The Montezuma Complex is important for conservation because the marshes, pools, and channels are stopovers for migrating birds on the Atlantic Flyway. Songbirds, shorebirds. waterfowl, swans, and raptors use the riparian areas and food sources for shelter, rest, and to fuel their migration south and north. Also of significance are the slowly increasing population of sandhill cranes. As of this summer, five or six nesting cranes were documented on the complex, most of them on the national wildlife refuge. They form a new but small component of the Atlantic Sandhill Crane Population.

The refuge was also instrumental in the successful reintroduction of bald eagles to New York State, and the first such program in the U.S. Since the program began in 1976, many of those eagles, and now their offspring, still return to the Montezuma complex to nest. Two of the nests that we monitored this summer had three nestlings fledge per nest, a sign that the species is doing well.

Another raptor species recovering from near decimation in this area is the osprey. Four of the five nests atop utility structures that line the road to the refuge entrance were full of nesting osprey and their young. These raptors are now a common sight as they elegantly dive for fish in the channels and marshes.

In addition to eagle surveys, the refuge participates in monitoring other species: ducks, geese, great blue heron, swans, grassland birds, black terns, and shorebirds. A new species added this year is the monarch butterfly: testing habitat evaluation tools and management protocols for monarch and all pollinators.

But there is more to just counting and banding ducks on the refuge.

Some of the refuge is accessible to the public to enjoy birds and native vegetation.A visitors’ center, wildlife drive, and hiking trails weave through the refuge pools, marshes, forests, and fields. Visitors can observe birds in the water and in the air. At the nearby Audubon Center, visitors can stroll through native fields in colorful bloom, or even rent a canoe or kayak to paddle on the creek and nearby canal.

But many parts are closed to the public, too. Because many waterfowl species -ducks, swans, geese, sandhill cranes, great blue herons, and eagles- nest summer-long in the marsh water, fields or trees, they need undisturbed places to successfully rear their young.

dscn2386These marshes, forests and fields are also field laboratories for children and adults. Many educational events occur on the refuge and the Audubon holdings for children to experience hands-on education on ecology, biology, botany, and team building. The DEC staff conduct training sessions for young hunters. And even the staff of the refuge and DEC partake in skill building and training workshops. This past summer we participated in a three-day workshop on waterfowl habitat management and a two-day course in duck banding in cooperation with the American Bird Banding Laboratory.

Most impressive to me was the cooperative and successfully productive network with the state, private, public, and federal entities. At the core of this are the committed staff and dedicated volunteers. Thanks to the large membership and contributions of the Friends of the Montezuma Wetlands Complex, many projects in the complex are supported by donations and volunteer work. The most successful is the MARSH! program.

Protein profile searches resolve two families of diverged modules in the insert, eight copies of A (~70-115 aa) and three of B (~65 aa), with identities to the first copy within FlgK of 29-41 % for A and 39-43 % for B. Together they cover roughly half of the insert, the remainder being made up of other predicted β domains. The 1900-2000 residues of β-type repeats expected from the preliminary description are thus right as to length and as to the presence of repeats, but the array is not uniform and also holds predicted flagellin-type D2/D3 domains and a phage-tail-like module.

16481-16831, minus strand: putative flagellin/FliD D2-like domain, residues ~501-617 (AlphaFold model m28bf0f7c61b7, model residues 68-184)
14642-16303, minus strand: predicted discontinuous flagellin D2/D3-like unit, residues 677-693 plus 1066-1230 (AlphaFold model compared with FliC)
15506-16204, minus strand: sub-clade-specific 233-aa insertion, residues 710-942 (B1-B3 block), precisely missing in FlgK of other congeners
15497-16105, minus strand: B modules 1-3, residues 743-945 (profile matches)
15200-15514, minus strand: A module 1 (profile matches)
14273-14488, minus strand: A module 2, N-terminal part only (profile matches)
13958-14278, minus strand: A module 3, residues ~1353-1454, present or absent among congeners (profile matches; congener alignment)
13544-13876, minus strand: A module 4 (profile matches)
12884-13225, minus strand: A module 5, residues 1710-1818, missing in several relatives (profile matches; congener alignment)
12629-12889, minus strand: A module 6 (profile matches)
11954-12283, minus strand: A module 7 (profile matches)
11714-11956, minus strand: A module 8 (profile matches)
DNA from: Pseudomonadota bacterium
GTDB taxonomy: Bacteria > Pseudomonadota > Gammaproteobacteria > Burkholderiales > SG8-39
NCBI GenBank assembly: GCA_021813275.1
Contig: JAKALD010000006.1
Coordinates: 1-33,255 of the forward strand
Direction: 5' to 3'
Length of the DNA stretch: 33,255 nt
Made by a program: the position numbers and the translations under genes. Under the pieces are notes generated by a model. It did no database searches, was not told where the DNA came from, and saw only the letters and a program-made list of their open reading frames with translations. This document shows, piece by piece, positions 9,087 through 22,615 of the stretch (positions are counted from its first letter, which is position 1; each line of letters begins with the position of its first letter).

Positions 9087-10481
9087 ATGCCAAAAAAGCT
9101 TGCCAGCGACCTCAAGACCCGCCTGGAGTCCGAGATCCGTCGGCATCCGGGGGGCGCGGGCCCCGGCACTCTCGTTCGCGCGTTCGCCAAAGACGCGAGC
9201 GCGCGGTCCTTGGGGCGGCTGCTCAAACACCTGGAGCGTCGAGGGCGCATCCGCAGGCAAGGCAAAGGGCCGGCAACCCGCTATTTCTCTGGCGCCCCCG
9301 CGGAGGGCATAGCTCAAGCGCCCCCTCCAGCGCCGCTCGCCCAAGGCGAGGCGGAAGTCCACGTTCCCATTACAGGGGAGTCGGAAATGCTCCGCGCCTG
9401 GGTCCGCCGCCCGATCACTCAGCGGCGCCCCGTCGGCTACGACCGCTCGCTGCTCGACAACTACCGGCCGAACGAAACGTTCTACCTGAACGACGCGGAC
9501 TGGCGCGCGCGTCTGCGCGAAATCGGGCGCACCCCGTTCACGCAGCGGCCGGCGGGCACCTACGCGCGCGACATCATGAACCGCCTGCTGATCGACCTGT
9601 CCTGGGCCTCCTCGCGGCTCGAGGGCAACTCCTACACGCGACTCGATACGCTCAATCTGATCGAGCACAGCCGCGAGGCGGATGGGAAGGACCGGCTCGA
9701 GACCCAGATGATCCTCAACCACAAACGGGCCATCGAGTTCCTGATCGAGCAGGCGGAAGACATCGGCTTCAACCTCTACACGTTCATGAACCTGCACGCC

MARSH! is part of a larger effort to restore, protect, and enhance wildlife habitat on nearly 50,000 acres in the Montezuma Wetlands Complex.

We formed this VOLUNTEER program to support the habitat restoration efforts of the United States Fish and Wildlife Service, New York State Department of Environmental Conservation, Montezuma Audubon Center and other partners at Montezuma. This group works on controlling invasive species in grassland, shrubland, forest, marsh and river. The work is hands-on as we cut and pull invasive species & replant with natives that will be more beneficial to wildlife & less harmful to Montezuma habitats overall!

Staff from both the national refuge and the NY DEC work with volunteers on a variety of projects:

  • surveying seedling tree survival,
  • controlling invasive species, such as swallow wart, honeysuckle, etc.
  • black tern surveys,
  • collecting wetland and upland native plant seed,
  • surveying for invasive plant density using GIS apps on phones and iPads, etc

We always finish off with lunch together, sharing stories and laughs. My last MARSH event with them culminated with a presentation I gave on the monarch life cycle and habitat. Sharing those events with them this summer was a unique and satisfying experience that will be memorable.

Especially when a local beauty pageant queen worked with us for one MARSH day.

A photographer and column writer from a local paper watched and photographed us all one day while we collected emergent marsh plant seed. He called me the next day to request an interview, which I really did not think would be published. But it did.
(Follow link below for full article)

THE BIGGER PICTURE: A visitor from the Land of Enchantment

fltimes-interview-copy

Link to full article.

Where the wild things are, go I

30 May

Last week was a string of days within this:

Malheur NW Refuge and Steens Mnt.

We enter solitude, in which also we lose loneliness…

True solitude is found in the wild places, where one is without human obligation.

One’s inner voices become audible. One feels the attraction of one’s most intimate sources.

In consequence, one responds more clearly to other lives. The more coherent one becomes within oneself as a creature, the more fully one enters into the communion of all creatures.
– Wendell Berry

The ultimate was watching a pair of swans with four cygnets. Watching for hours the intimacy of their body language with each other, their communication and connections so basic and honest simplicity, putting all of ours at shame and bumbling inadequacy. The poetics of space and place through the eyes of six swans was an experience I won’t forget. And it makes all our human drama seem so ignorant and trivial.

I belong where the wild things are.

Trumpeter swans and cygnets

White-faced ibis and cinnamon teal on marshes on the Refuge.

In between…… imagine.

24 Apr